The Obama-Biden team’s record in Syria resonates today as many of its members handle the unfolding crisis in Ukraine. As in Syria, the U.S. is flooding a chaotic war zone with weapons in a dangerous proxy conflict against Russia, raising the threat of military confrontation between the world’s top nuclear powers. “I deeply worry that what’s going to happen next is that we will see Ukraine turn into Syria,” Democratic Senator Chris Coons told CBS News on April 17.

Based on declassified documents, news reports, and scattered admissions of U.S. officials, this overlooked history of how the Obama-Biden team’s effort to oust the Assad regime – in concert with allies including Saudi Arabia, Qatar, and Turkey – details the series of discrete decisions that ultimately led the U.S. to empower terror networks bent on its destruction.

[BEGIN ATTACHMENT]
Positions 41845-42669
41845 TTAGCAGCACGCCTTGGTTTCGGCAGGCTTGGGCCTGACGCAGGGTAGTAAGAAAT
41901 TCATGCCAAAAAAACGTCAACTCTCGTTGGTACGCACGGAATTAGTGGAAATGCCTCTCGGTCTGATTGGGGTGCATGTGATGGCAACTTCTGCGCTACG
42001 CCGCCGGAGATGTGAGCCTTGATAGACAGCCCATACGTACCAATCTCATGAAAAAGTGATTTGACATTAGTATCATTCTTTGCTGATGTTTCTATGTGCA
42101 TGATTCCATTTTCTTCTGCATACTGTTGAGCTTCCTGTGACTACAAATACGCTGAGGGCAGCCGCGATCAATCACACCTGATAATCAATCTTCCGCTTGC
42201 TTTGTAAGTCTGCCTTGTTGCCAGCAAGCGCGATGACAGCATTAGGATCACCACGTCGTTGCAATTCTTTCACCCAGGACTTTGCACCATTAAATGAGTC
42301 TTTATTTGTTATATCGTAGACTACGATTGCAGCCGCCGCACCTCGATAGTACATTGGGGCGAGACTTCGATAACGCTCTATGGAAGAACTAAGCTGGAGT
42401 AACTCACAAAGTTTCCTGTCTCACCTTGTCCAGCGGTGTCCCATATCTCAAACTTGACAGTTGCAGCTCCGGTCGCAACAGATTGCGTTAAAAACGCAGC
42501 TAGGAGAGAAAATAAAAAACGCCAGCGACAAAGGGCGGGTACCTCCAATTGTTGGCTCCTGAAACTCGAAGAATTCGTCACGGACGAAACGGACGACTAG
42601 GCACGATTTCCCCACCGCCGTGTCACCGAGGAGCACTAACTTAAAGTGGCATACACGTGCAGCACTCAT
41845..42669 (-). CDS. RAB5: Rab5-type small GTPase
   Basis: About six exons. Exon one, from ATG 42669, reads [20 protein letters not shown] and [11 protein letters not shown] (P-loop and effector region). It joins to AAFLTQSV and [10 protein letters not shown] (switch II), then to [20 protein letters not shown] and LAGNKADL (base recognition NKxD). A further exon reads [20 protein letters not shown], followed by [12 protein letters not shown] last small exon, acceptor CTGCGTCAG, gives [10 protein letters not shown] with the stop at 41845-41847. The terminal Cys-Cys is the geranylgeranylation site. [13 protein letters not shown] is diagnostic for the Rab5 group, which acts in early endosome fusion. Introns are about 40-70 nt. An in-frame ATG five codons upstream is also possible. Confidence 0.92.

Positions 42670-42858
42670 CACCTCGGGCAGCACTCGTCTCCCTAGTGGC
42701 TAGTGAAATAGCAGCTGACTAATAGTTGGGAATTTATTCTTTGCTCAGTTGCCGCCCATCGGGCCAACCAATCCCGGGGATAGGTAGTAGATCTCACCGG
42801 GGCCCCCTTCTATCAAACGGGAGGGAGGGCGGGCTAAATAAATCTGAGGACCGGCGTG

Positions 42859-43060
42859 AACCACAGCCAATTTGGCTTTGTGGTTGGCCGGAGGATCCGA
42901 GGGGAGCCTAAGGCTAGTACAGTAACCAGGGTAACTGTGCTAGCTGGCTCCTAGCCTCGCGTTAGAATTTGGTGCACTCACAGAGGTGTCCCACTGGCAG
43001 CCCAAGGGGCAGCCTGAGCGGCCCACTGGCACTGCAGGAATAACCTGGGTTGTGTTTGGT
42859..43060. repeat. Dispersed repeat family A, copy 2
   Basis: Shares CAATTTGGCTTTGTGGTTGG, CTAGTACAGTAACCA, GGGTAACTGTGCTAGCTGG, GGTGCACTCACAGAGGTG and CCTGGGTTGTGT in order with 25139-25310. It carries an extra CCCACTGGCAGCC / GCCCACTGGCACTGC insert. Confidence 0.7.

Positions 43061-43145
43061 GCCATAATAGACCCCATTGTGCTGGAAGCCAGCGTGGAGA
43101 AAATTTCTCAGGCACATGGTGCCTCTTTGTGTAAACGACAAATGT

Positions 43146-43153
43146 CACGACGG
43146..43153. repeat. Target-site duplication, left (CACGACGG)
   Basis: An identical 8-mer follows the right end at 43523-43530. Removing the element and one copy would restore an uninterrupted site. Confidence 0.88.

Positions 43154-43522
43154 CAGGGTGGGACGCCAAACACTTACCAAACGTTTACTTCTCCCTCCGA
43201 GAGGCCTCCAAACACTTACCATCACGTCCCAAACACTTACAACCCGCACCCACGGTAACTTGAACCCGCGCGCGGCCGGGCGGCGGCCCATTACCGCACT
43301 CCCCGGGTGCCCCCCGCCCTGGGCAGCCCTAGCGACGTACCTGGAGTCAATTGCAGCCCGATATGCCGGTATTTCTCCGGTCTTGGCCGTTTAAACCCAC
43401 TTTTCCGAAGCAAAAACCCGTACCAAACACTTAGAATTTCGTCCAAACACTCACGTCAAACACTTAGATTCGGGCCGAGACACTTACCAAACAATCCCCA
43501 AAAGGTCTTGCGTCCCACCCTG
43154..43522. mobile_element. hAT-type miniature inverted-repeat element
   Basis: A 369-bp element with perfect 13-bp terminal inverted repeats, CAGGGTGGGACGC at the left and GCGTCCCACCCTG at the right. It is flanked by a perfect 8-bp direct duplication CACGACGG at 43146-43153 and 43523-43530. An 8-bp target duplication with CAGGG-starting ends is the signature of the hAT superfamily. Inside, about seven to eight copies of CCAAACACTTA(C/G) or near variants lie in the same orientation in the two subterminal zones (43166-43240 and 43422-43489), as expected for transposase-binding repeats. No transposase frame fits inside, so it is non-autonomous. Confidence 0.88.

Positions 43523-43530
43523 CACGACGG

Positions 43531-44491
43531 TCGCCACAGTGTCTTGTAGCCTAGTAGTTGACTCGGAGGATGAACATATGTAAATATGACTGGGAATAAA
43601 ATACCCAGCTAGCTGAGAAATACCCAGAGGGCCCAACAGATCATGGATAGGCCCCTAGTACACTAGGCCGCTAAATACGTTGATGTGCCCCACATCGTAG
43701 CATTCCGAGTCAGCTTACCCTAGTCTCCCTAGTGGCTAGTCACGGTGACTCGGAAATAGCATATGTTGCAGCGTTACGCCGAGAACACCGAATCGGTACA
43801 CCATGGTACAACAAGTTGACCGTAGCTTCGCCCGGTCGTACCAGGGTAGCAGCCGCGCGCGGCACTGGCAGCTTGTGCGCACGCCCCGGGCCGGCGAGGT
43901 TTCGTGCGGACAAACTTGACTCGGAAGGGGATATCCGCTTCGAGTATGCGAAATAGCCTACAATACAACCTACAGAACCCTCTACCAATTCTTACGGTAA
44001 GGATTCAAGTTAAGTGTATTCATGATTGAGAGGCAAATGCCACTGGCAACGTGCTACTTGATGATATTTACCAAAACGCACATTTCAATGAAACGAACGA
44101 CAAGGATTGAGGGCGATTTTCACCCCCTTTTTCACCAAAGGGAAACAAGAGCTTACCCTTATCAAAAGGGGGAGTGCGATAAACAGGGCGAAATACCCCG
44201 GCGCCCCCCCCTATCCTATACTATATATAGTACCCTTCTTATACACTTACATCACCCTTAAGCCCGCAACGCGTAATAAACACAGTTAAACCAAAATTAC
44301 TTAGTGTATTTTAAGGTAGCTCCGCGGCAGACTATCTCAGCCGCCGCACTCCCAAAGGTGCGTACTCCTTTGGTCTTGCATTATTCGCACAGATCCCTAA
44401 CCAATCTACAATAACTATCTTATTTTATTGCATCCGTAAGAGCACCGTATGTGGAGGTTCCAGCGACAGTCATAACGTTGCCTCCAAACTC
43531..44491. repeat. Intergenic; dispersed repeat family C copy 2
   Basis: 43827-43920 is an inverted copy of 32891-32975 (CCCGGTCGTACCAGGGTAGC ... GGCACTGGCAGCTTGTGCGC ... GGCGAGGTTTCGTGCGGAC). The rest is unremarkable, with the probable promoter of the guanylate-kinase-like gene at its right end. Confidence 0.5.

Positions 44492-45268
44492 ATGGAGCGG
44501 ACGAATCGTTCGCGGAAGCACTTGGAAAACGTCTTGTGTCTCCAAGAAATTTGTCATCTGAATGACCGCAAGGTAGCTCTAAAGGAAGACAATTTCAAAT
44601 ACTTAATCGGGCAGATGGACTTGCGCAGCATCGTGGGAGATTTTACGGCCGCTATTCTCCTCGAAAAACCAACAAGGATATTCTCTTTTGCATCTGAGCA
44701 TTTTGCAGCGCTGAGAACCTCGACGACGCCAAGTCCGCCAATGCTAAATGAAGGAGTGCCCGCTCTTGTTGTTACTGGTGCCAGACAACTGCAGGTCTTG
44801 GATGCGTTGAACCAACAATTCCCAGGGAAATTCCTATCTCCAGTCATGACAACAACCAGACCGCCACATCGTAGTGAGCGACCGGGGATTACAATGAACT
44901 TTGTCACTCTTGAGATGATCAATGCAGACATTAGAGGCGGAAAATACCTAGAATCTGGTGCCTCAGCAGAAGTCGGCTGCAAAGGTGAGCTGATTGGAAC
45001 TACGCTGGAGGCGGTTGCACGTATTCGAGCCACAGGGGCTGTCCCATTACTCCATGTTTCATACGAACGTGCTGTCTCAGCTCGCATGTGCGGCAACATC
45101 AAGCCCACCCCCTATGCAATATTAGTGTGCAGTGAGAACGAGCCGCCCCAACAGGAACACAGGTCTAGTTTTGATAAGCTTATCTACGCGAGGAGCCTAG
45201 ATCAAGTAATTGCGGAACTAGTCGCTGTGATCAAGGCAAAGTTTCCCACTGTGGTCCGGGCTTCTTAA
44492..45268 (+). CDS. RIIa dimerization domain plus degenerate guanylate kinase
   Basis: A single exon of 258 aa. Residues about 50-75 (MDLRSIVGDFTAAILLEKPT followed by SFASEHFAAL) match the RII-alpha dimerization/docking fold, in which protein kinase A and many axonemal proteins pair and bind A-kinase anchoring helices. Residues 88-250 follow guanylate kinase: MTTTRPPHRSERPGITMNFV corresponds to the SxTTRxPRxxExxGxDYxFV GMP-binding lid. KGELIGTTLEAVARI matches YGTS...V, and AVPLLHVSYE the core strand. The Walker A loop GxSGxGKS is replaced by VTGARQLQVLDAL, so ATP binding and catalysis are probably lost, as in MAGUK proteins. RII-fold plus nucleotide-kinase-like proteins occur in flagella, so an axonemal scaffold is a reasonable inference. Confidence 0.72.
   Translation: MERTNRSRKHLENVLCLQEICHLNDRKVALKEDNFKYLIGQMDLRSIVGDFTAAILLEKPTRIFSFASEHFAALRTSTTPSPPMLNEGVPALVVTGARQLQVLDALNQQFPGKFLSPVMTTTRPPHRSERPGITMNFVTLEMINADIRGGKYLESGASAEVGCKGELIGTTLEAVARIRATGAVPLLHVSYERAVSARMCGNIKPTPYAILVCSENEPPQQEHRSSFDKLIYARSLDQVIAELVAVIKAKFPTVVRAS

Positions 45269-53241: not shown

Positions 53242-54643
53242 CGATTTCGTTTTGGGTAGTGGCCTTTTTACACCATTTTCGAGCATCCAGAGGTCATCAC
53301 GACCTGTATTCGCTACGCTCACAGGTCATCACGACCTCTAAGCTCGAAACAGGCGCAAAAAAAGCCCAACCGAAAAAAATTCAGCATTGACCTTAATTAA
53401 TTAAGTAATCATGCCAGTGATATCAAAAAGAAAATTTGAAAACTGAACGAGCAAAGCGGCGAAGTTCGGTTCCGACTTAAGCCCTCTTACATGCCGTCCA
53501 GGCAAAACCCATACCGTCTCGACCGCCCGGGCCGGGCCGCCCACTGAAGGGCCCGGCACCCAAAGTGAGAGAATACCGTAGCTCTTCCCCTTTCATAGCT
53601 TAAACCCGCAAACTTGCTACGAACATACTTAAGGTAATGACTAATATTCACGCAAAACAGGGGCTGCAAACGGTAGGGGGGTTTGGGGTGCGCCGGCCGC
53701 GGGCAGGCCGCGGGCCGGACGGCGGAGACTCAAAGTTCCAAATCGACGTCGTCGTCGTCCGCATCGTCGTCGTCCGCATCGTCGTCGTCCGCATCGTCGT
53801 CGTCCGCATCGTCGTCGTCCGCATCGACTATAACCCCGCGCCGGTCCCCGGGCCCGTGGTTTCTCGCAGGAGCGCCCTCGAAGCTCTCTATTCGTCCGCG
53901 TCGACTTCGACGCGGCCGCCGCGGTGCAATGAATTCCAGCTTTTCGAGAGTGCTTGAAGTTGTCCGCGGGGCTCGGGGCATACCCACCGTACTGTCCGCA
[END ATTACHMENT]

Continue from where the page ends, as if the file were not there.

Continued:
Seizing Momentum – and Munitions – From Libya to Pursue Regime Change in Syria

The road to Al Qaeda’s control of the Syrian province of Idlib actually started hundreds of miles across the Mediterranean in Libya.

In March 2011, after heavy lobbying from senior officials including Secretary Hillary Clinton, President Obama authorized a bombing campaign in support of the jihadist insurgency fighting the government of Libyan leader Muammar Gaddafi. Backed by NATO firepower, the rebels toppled Gaddafi and gruesomely murdered him in October.

Buoyed by their quick success in Libya, the Obama administration set their sights on Damascus, by then a top regime change target in Washington. According to former NATO commander Wesley Clark, the Assad regime – a key ally of U.S. foes Iran, Hezbollah, and Russia – was marked for overthrow alongside Iraq in the immediate aftermath of 9/11. A leaked 2006 U.S. Embassy in Damascus cable assessed that Assad’s “vulnerabilities” included “the potential threat to the regime from the increasing presence of transiting Islamist extremists,” and detailed how the U.S. could “improve the likelihood of such opportunities arising.”